Maribeth Oakes, a policy analyst for the National pta, called the language a “step in the right direction,” because it would bar “blanket discrimination” in day-care admissions and employment.

Michael B. Edwards, director of Congressional relations for the n.e.a., also said the amendment addresses concerns about the church-state issue that “precluded our support” in the last Congress.

“We felt it was absolutely essential that it be corrected before the Congress could move forward. We believe we’re at that point,” he said.

But while the nea has agreed not to oppose the new church-state language in the Senate bill, it would “prefer” other approaches, said Isabelle Garcia, a legislative specialist for the union.

Ms. Garcia cited H R 3, a bill introduced by Representative Augustus F. Hawkins, Democrat of California, that would expand Head Start, fund school-based child-care programs, and establish an a.b.c.-like program for children under age 3.

Limiting the use of child-care “certificates"--one of the funding mechanisms authorized under the abc measure--to children of that age could alleviate the concerns of some education advocates, who fear that endorsing that approach for older children could pave the way for vouchers in schools.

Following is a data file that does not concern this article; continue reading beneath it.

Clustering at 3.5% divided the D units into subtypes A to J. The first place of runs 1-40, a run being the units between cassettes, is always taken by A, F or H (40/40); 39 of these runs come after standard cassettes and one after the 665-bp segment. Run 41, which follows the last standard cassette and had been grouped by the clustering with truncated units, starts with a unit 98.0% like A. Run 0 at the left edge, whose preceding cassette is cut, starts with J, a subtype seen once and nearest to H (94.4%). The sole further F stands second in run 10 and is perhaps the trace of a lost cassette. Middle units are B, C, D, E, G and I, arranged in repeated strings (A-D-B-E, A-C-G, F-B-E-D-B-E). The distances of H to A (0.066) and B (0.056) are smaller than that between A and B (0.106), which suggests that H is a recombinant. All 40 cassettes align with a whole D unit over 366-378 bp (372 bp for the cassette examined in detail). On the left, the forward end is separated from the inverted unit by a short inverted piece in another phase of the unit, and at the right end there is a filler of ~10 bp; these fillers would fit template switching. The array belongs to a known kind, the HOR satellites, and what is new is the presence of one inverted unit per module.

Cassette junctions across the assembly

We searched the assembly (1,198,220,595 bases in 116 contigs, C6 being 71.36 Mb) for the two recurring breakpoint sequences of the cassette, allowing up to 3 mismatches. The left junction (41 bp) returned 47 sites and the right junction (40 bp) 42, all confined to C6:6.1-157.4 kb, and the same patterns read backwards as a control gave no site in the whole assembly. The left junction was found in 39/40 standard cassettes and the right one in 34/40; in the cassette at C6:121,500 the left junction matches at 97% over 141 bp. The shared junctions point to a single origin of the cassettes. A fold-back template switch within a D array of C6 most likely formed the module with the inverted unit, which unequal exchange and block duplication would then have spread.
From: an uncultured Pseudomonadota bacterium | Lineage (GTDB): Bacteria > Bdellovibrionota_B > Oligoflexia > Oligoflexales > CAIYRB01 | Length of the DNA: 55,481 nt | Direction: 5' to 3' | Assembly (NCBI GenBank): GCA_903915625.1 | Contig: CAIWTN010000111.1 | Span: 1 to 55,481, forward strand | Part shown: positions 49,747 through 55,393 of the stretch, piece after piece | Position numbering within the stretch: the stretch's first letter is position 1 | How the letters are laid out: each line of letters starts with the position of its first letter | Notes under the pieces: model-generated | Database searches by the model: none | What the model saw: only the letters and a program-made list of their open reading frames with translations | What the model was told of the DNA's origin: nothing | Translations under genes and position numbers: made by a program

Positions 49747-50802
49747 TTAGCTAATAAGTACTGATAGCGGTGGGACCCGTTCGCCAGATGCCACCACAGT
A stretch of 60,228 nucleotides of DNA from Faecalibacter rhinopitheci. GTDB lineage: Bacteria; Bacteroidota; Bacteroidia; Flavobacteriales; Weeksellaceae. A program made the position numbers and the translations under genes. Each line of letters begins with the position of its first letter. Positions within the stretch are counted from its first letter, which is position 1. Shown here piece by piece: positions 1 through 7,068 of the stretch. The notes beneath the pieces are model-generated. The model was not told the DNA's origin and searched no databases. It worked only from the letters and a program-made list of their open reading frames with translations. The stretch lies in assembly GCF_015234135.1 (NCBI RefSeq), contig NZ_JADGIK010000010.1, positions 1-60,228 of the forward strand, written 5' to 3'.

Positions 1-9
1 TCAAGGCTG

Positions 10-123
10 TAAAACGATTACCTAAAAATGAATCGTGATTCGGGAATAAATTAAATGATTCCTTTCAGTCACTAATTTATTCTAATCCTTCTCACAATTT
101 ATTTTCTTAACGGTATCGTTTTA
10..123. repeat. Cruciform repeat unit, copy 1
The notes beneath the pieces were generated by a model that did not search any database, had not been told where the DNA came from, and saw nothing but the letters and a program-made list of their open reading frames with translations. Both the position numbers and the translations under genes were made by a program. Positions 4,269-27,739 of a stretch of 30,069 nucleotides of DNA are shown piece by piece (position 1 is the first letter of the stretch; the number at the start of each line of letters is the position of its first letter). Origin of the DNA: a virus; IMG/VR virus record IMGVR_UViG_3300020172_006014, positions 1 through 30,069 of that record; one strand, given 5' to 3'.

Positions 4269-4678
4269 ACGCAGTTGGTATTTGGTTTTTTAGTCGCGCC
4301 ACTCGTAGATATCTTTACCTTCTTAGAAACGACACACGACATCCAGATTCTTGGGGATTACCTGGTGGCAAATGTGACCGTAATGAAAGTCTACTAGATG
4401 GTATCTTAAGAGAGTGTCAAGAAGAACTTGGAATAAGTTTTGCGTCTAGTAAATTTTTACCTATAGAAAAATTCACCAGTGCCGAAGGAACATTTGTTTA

The Senate committee adopted an amendment offered by its chairman, Edward M. Kennedy of Massachusetts, to require parents and providers who wish to use child-care certificates in states that offer them to “sign a written agreement with the lead state agency.”

The provision would “give states some control” over the process, Ms. Oakes observed, by helping them to “track the flow of dollars” used for certificates.